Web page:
In January 2024, the new NFPA 1900: Standard for Aircraft Rescue and Firefighting Vehicles, Automotive Fire Apparatus, Wildland Fire Apparatus, and Automotive Ambulances took effect. This will be followed by the January 2027 Environmental Protection Agency diesel engine emissions regulations. Both create an immediate effect on availability. Several of the most common diesel engines in various horsepower ratings no longer will be produced. (The replacement models still are under development at this point.)

Given the effect of inflation, along with frequent adjustments that can be expected in material costs, departments that are soliciting bids for new apparatus will find that, in some cases, the proposal price that’s offered likely will be firm for a period of 30 days or fewer.

Start early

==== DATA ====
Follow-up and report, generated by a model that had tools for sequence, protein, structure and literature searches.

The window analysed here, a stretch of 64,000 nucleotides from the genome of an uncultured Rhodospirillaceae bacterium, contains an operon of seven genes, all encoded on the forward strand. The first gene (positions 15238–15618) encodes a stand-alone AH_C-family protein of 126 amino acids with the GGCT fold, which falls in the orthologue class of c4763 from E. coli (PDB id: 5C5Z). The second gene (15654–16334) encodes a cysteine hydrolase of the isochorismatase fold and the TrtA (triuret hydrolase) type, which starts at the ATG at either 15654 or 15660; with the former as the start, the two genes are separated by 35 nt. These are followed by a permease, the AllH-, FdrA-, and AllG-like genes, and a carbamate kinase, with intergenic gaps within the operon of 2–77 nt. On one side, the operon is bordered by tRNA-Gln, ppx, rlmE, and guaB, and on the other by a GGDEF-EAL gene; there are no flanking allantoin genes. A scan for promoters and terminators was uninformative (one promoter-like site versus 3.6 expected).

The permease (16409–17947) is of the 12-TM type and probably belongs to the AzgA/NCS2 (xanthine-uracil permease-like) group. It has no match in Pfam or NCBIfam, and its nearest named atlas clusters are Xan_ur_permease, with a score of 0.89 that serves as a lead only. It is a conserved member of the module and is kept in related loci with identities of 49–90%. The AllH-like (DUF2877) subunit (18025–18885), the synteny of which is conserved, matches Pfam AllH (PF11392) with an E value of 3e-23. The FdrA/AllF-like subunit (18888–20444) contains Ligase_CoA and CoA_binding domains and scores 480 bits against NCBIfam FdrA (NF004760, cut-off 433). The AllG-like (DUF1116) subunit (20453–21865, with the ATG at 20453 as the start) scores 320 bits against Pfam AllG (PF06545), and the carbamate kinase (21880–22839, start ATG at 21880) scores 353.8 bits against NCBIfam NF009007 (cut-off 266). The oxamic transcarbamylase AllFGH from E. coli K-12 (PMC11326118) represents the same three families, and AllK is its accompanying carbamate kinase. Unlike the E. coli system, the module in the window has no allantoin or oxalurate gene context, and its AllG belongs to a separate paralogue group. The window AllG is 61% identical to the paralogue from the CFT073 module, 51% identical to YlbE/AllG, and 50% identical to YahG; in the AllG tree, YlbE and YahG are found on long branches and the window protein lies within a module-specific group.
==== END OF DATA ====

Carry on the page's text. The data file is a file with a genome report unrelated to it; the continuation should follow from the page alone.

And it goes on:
Fleet managers and those who are responsible for the procurement process must develop and update their apparatus replacement plans to align with the extended delivery schedules and anticipated final costs. The planned life cycle for front-line and reserve units must be adjusted. This results in extended service life along with increased repair and maintenance costs, to keep vehicles in good condition and in conformance with NFPA 1910: Standard for the Inspection, Maintenance, Refurbishment, Testing, and Retirement of In-Service Emergency Vehicles and Marine Firefighting Vessels. When the financial resources aren’t sufficient to adequately fund the replacement schedule for apparatus, it’s imperative that chief officers work with internal and external stakeholders to adjust the replacement plan, to ensure that it can be implemented.